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Pakistan: Man acquitted after 11years in jail on accusation of blasphemy

Sunday 18 June 2017, by siawi3

Source: Asian Human Rights Commission

The Supreme Court of Pakistan acquit a man accused of blasphemy 11 years ago: Mushtaq was held under “frivolous charges”

Friday 9 June 2017, by Asian Human Rights Commission (AHRC)

FOR IMMEDIATE RELEASE
AHRC-STM-052-2017
09 June, 2017

A Statement by the Asian Human Rights Commission

PAKISTAN: Supreme Court declares blasphemy accusation as tool of oppression and releases Christian after 11 years

The Supreme Court of Pakistan’s acquittal of a man accused of blasphemy 11 years ago is a breath of fresh air amidst the country’s suffocating patronage of religious extremism and mob justice. The three-member appellate bench found Mr. Mushtaq innocent and absolved him of all charges after spending more than a decade in jail. The court ruled that Mushtaq was held under frivolous charges brought by the complainant, for the purposes of revenge.

The axiom ‘justice delayed is justice denied’ aptly describes the state of judicial affairs in Pakistan where poor accused are found to be innocent at best after spending decades behind bars, or at worse, after being hanged for crimes they never committed. The judicial precedence of absolving an innocent man or woman is rare. More so in cases of blasphemy, where judges of the lower courts do not dare tread the fine line between appeasing Islamic fundamentalism and upholding the rule of law. The former almost always trumps the latter, and the whole life of the accused is destroyed.

Since the Mashal Khan lynching in April this year, Pakistan’s judiciary has become slightly more proactive in dealing with cases of blasphemy. The accused is now given the benefit of doubt, and religious sentiments are not being allowed to colour judicial logic and decisions.

The landmark judgment acquitting Mushtaq Masta, a Christian scavenger, harshly criticised the method of investigation, prosecution and the incompetency of the lower judiciary hearing his case. Justice Arif Khosa’s apt observations can be viewed as a commentary on the dismal state of Pakistan’s justice institutions.

Mushtaq was accused of burning pages of Quranic scripture inside his house on 26 October 2006. The three-member bench presiding over the case held that the prosecution failed to prove the occurrence of blasphemy beyond a reasonable doubt, and that the investigation was faulty and inefficient. The court observed for instance, that the matchbox produced in the lower courts was stated to be different from the one in police records. Further, the burnt piece of Holy Scripture used as evidence against the accused, was not recovered by the investigation officer from the crime scene, but was rather provided by the complainant. This creates doubt over the authenticity of the evidence, thus making it inadmissible in a court of law.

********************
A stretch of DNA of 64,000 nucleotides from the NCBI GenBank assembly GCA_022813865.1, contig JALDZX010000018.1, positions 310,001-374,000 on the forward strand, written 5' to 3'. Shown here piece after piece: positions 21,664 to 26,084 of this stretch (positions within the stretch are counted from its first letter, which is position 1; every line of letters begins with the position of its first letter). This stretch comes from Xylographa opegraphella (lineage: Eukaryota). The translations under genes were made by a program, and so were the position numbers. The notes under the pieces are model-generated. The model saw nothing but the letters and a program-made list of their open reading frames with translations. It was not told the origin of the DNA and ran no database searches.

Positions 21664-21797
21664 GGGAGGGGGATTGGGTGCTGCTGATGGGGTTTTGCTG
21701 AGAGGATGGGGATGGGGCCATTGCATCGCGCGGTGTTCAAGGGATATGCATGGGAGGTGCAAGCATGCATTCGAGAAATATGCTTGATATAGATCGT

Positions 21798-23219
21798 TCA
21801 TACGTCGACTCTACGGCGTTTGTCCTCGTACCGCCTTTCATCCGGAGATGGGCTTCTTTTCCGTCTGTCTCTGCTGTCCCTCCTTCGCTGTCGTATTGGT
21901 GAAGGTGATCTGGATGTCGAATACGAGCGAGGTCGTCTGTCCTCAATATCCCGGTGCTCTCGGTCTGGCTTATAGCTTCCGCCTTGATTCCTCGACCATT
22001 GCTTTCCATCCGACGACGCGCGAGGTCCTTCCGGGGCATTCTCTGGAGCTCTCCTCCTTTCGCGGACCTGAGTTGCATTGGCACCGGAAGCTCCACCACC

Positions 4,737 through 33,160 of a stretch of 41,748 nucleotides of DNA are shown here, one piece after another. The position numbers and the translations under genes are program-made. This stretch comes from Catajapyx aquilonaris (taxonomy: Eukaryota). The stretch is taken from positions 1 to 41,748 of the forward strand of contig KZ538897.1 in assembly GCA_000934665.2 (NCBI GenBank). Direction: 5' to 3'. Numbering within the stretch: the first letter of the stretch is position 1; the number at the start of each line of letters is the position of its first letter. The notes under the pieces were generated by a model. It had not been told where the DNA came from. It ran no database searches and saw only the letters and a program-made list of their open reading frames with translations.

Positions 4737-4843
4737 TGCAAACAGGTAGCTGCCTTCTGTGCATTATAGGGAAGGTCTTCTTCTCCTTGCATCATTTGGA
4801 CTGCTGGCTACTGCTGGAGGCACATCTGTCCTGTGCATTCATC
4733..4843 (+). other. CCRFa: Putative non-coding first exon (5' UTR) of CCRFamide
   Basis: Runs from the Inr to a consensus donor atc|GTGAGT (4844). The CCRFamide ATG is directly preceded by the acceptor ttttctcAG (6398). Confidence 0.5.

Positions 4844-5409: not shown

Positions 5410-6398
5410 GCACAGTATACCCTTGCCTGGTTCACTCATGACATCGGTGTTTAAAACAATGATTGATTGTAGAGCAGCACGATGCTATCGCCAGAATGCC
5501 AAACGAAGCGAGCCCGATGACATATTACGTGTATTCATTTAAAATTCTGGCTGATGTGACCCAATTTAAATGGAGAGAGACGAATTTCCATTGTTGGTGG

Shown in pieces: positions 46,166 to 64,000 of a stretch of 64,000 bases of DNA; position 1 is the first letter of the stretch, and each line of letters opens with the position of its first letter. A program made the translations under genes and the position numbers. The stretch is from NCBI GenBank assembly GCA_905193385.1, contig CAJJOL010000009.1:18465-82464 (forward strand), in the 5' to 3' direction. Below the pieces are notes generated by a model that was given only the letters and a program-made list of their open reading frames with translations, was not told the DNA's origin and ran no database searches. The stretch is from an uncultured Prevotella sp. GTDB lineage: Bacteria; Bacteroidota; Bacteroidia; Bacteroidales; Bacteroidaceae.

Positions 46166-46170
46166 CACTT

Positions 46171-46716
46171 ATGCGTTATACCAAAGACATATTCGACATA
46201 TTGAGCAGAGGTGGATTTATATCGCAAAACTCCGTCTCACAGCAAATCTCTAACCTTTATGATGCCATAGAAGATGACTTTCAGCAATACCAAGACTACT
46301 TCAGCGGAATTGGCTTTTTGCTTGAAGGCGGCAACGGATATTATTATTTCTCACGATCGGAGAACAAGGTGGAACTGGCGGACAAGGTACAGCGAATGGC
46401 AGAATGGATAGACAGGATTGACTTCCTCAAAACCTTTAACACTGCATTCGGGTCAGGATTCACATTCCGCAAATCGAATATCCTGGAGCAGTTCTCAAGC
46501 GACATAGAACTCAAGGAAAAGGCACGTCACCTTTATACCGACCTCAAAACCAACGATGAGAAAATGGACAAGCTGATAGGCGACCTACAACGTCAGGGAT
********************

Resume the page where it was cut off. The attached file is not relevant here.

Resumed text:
This only serves to underline the common practice of instigating and bribing police in Pakistan to file frivolous charges, for which complainants themselves provide concocted evidence. To worsen matters, the prosecution bases its argument solely on the police investigation report and usually ignores any discrepancies. The lower judiciary meanwhile, due to its heavy backlog of cases, does not spend time sifting through the evidence. The result is a travesty of justice.

Justice Khosa further expressed his shock that despite the lack of credible witnesses to the crime, Mushtaq was convicted for blasphemy. Also, the admission of the complainant of breaking into Mushtaq’s house at night, which is a crime, was never brought into question by the investigation officer, defendant or the lower judiciary. The bench also expressed its dissatisfaction with the Multan High Court for adding an Anti-Terrorism Act provision in the case.

Justice Khosa is quite right when he states in his judgment that frivolous blasphemy accusations are made to seek vendetta against opponents, and are a sure fire way to ruin their lives. The bench also stated that given the legal and social connotations, no sane man will ever indulge in such a crime. According to the judges, mob justice and lynching is associated with the religious fervour that clouds reasoning and logic.

Religious fundamentalists in Pakistan consider it their religious duty to kill any accused of blasphemy, and no one is allowed to defend the poor accused. Two days prior to Asia Bibi’s appeal in the Supreme Court for instance, fundamentalist organizations published advertisements and video clippings warning the judiciary not to accept Bibi’s appeal. Receiving the message loud and clear, the judiciary refrained from giving her the same benefit of doubt that Mushtaq was afforded.

More than five cases of mob lynching taking innocent lives have occurred since 2017 began. Increasing blasphemy allegations and misuse of the law is but a symptom of failed governance, and is exacerbated with Pakistan’s deteriorating law and order situation. Pakistan’s criminal justice system ranks 81 out of 113, and is in urgent need of improvement and reengineering. It is thus incumbent upon more judicial officers to partake their duties with full honesty and integrity, as in the case of Mushtaq.